Sour Cherries & Summertime!

Sour Cherries & Summertime!  

 Cherries 101…

Sweet cherries are commonly eaten out of hand as fresh cherries, while sour or tart cherries are used primarily for cooking and baking. Sweet cherries simply do not hold up when cooking and loose much of their flavor. Sour cherries on the other hand, stay plump and juicy while cooking or baking. Some eat sour cherries out of hand (as do I), but they are also very good pitted, with a sprinkle of crusty brown sugar and a dollop of honey-sweetened sour cream or whipped cream on top.

The garnet jewels of summertime…

Fresh Sour Cherries courtesy of Scholl Orchards in eastern Pennsylvania

Fresh Sour Cherries courtesy of Scholl Orchards in eastern Pennsylvania

Sour cherries arrive about the end of June or the first few weeks of July—right after sweet cherries have come into season. Sour cherries should be plump, soft and juicy.  Keep them in the refrigerator, uncovered, and use them as soon as possible—they will keep about 3 days or so. Note that sour cherries do freeze well: just stem, pit (one pound cherries will yield 2 cups, pitted), then simply freeze in small containers.  Or place in freezer containers, sprinkle lightly with sugar as you go; let stand a few minutes giving time for the sugar to dissolve and produce a syrup; stir, then cover, and freeze.

The following is a favorite recipe of mine: plump juicy duck breast with a tangy sour cherry sauce—which is also wonderful served over pork chops, chicken wings or even grilled summer vegetables.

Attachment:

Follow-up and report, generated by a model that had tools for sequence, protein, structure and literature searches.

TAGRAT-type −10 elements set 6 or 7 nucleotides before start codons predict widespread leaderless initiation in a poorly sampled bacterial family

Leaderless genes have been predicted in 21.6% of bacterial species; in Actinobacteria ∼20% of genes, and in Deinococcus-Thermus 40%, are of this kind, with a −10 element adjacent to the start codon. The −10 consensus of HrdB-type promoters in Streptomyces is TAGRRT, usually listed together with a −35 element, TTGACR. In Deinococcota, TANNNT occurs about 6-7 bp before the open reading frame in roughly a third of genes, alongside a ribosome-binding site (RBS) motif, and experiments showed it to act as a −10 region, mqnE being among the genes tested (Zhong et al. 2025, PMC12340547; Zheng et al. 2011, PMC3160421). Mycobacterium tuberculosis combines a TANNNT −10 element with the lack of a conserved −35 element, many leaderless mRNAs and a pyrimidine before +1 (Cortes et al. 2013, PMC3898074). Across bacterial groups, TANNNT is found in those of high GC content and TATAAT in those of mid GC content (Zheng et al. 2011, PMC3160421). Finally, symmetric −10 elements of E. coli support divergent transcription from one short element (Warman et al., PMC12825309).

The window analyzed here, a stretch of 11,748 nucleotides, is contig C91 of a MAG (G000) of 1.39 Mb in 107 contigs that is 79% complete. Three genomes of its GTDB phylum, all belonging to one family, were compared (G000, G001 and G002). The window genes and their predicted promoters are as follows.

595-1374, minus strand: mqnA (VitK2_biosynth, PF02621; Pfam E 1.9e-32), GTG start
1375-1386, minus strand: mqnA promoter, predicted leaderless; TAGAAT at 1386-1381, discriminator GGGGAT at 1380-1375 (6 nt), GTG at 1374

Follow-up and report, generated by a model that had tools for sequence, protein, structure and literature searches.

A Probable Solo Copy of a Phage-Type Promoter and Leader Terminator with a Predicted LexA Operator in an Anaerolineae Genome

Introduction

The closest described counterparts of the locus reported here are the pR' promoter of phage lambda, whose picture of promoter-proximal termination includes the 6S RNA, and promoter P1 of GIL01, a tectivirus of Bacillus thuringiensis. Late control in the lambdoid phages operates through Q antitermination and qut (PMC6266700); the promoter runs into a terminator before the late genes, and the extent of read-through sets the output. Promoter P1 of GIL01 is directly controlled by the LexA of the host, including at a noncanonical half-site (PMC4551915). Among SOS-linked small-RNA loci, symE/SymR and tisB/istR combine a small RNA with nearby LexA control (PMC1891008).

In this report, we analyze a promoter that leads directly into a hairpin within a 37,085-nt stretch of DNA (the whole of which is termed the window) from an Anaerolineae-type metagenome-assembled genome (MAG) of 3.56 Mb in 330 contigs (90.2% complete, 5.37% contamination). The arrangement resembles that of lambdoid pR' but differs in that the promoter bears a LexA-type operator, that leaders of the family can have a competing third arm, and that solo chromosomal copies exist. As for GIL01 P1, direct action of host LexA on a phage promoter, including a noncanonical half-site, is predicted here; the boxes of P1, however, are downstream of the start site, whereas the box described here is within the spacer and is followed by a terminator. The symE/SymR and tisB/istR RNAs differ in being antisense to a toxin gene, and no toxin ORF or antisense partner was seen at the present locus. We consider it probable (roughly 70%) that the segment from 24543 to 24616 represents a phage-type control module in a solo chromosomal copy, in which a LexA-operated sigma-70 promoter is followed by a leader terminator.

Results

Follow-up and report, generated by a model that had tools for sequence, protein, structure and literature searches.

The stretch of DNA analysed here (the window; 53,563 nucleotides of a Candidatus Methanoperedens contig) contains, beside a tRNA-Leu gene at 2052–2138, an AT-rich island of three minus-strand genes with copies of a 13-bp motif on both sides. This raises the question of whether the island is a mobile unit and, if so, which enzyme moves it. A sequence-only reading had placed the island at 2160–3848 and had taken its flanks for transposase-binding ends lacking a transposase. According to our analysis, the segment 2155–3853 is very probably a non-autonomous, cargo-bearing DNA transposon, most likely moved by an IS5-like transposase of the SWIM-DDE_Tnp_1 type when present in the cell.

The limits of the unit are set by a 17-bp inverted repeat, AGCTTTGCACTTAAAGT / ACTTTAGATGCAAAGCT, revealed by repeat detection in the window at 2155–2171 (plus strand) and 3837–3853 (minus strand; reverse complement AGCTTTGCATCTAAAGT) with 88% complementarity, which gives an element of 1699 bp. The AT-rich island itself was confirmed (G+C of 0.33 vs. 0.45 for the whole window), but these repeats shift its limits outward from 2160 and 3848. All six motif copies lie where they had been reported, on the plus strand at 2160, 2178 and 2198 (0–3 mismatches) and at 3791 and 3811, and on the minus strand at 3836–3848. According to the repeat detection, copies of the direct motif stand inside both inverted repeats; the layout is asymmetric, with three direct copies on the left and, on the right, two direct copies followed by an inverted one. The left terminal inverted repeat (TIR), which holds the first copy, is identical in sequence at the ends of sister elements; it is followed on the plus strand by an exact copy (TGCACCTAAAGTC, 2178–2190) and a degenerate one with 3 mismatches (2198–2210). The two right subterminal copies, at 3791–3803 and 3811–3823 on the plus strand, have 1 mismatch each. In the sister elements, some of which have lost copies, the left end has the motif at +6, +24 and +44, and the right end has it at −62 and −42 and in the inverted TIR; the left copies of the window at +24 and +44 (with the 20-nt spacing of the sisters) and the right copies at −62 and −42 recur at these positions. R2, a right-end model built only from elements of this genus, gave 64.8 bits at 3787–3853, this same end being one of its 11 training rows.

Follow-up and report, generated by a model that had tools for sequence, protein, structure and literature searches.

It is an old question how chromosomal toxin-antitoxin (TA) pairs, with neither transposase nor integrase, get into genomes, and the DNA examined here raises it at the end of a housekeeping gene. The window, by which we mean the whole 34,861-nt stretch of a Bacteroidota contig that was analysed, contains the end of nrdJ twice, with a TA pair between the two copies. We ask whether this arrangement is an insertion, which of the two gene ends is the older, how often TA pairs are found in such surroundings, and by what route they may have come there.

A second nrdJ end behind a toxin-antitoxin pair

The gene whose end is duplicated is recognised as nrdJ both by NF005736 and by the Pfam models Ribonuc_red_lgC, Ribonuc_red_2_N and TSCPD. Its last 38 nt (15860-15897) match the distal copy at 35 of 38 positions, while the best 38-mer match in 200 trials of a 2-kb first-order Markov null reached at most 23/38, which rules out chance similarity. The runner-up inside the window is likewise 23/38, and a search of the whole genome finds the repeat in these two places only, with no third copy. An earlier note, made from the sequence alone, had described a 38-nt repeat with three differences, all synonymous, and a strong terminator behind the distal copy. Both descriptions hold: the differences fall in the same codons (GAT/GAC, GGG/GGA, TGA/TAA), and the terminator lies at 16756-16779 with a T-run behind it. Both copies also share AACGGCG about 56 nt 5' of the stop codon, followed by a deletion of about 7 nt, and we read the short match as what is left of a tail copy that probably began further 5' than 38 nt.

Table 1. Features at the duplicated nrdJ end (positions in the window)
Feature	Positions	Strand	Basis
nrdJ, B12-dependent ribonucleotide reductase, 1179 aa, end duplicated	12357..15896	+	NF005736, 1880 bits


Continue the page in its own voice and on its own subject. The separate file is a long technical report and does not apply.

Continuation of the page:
Signature Offering by Annette O. Corona – All Rights Reserved

To see preparation photos, just click the link below.  The recipe can also be printed out and filed.

CLICK TO DOWNLOAD:  SUMMER-JULY-ENTREE-DUCK BREAST WITH SOUR CHERRY SAUCE

Pan-Grilled Duck Breast with Sour Cherry Sauce

Meaty duck breast is a real treat and while many like it medium rare, I prefer my duck cooked to medium-doneness.  The recipe here calls for (2) 8-ounce duck breasts which will serve 2-3 people.  Absolutely no oil is needed; the skin will render enough fat to do the job. The sauce is a simple one made with seasonal sour cherries and be sure any extra is served warm on the side. Note that gooseberries, also in season in July, can be substituted for the sour cherries.  Delicious!

(2) 8-ounce duck breasts with skin
1 teaspoon each:  sea salt and freshly ground black pepper
2 shallots, diced
½-cup chicken or duck stock
½-cup pitted sour cherries with juices
1½-tablespoons dark brown sugar
2 teaspoons balsamic vinegar
1 tablespoon corn starch
Fresh parsley to garnish

  1. Score the skin of the duck breasts in a diagonal, or criss-cross pattern and sprinkle both sides with salt and black pepper

2. Put the duck breasts, skin-side down in a cold cast iron or heavy frying pan. Cook over medium-low heat for 15-20 minutes (depending on the degree of doneness you prefer), then flip and cook the meat side for another 3 minutes. Remove the duck breasts from the pan and let rest on a cutting board while you make the sauce

3. Using the same skillet, turn the heat up to medium and remove all but a teaspoon of duck fat (saving any extra duck fat), and add the shallots; sauté for 2 minutes, or just until the shallots are nicely browned; add the sour cherries and chicken stock, and stir in the brown sugar and balsamic vinegar; cook another 2 minutes, and then turn up the heat to medium-high.

4. Make a slurry by mixing a few tablespoons of cold water with the corn starch, and pour it into the sour cherry mixture to thicken it, stirring constantly. This will take about 30 seconds. Remove the pan from the heat.

5. Slice the duck breast and put on a warm serving platter with sour cherry sauce drizzled over top. Garnish with some fresh parsley and serve immediately.

COOKING NOTE:  It will be easier to slice the cooked duck breast skin-side-down!

You will need for 2-3 servings:

Duck breasts with skin
Shallots
Chicken or duck stock
Dark brown sugar
Balsamic vinegar
Corn starch
Fresh parsley to garnish


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